The song is also meant to acknowledge those fans that didn’t abandon him. “Half the people that are listening to the album are supposed to not listen to the album right now,” he says. “I’m canceled. I’m canceled because I didn’t cancel Trump.”

“I’ve thought about killing myself all the time.”

Kanye West raps about suicidal thoughts on “I Thought About Killing You,” and he admits that the lyrics are literal.

“Oh yeah, I’ve thought about killing myself all the time,” he shares. “It’s always a option and [expletive]. Like Louis C.K. said: I flip through the manual. I weigh all the options.”

He later adds, “I’m just having this epiphany now, ’cause I didn’t do it, but I did think it all the way through. But if I didn’t think it all the way through, then it’s actually maybe more of a chance of it happening.”

West is trying to “learn” how to not be on medication.

The rapper first retreated to Wyoming in early 2017, after his hospitalization and bipolar diagnosis.

“We came here just for healing,” he exclaims. “Getting my brain together and [expletive].” West was heavily medicated, but he says he’s now “learning how to not be on meds,” adding proudly, “I took one pill in the last seven days.” (This interview took place the first week of June.) After West’s erratic interview on TMZ Live, reports claimed that he had gone off his medication. However, he has not commented on those specifics.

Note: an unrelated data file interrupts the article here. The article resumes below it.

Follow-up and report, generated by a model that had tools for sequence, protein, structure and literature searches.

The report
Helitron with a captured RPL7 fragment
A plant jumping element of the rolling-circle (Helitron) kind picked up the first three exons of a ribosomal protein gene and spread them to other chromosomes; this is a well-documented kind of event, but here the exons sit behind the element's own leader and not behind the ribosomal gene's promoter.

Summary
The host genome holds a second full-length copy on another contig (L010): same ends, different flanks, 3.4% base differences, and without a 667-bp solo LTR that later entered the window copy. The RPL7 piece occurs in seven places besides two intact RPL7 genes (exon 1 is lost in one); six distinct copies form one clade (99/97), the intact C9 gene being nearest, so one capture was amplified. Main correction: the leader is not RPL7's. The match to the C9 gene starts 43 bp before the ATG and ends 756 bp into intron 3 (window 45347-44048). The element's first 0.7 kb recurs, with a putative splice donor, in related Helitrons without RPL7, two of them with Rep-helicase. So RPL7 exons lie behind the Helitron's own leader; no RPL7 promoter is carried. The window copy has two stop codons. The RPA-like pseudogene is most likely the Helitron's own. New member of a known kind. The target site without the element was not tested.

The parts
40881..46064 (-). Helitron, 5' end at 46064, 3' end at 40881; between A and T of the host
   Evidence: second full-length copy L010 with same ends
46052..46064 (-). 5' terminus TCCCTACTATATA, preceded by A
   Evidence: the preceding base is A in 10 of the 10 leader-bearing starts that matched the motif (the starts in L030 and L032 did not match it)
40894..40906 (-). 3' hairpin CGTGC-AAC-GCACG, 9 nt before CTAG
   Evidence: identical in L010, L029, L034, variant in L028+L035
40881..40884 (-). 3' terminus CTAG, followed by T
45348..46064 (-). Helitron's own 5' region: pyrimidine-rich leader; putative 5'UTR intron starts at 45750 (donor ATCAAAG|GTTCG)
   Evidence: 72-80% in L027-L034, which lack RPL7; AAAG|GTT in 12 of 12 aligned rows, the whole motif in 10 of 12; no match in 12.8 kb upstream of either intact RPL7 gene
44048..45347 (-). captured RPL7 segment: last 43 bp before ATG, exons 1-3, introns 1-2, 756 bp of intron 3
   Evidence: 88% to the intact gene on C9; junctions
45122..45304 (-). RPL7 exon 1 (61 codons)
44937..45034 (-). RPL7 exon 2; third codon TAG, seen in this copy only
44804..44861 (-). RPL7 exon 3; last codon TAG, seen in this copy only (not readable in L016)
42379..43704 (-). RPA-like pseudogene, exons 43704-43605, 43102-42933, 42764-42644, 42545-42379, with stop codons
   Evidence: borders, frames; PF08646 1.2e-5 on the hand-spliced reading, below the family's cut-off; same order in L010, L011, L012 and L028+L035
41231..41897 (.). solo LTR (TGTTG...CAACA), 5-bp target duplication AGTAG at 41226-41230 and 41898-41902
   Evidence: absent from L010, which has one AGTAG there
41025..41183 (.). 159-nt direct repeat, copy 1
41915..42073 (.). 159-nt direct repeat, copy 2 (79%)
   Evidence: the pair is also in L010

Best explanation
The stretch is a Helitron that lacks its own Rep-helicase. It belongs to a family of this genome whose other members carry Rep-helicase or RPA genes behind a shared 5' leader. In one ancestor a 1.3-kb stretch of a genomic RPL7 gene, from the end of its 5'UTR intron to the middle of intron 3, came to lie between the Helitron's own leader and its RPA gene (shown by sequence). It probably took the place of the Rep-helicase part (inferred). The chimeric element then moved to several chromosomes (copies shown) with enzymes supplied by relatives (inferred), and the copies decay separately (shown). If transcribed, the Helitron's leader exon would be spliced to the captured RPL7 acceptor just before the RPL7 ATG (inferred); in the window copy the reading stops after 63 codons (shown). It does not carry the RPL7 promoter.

Kim Kardashian enlisted Tony Robbins to stage an intervention with West after his breakdown.

Months after West’s nine-day hospitalization in November 2016, his wife arranged an intervention with Tony Robbins. When the rapper walked into their home, he was surprised to find the motivational speaker sitting in their living room.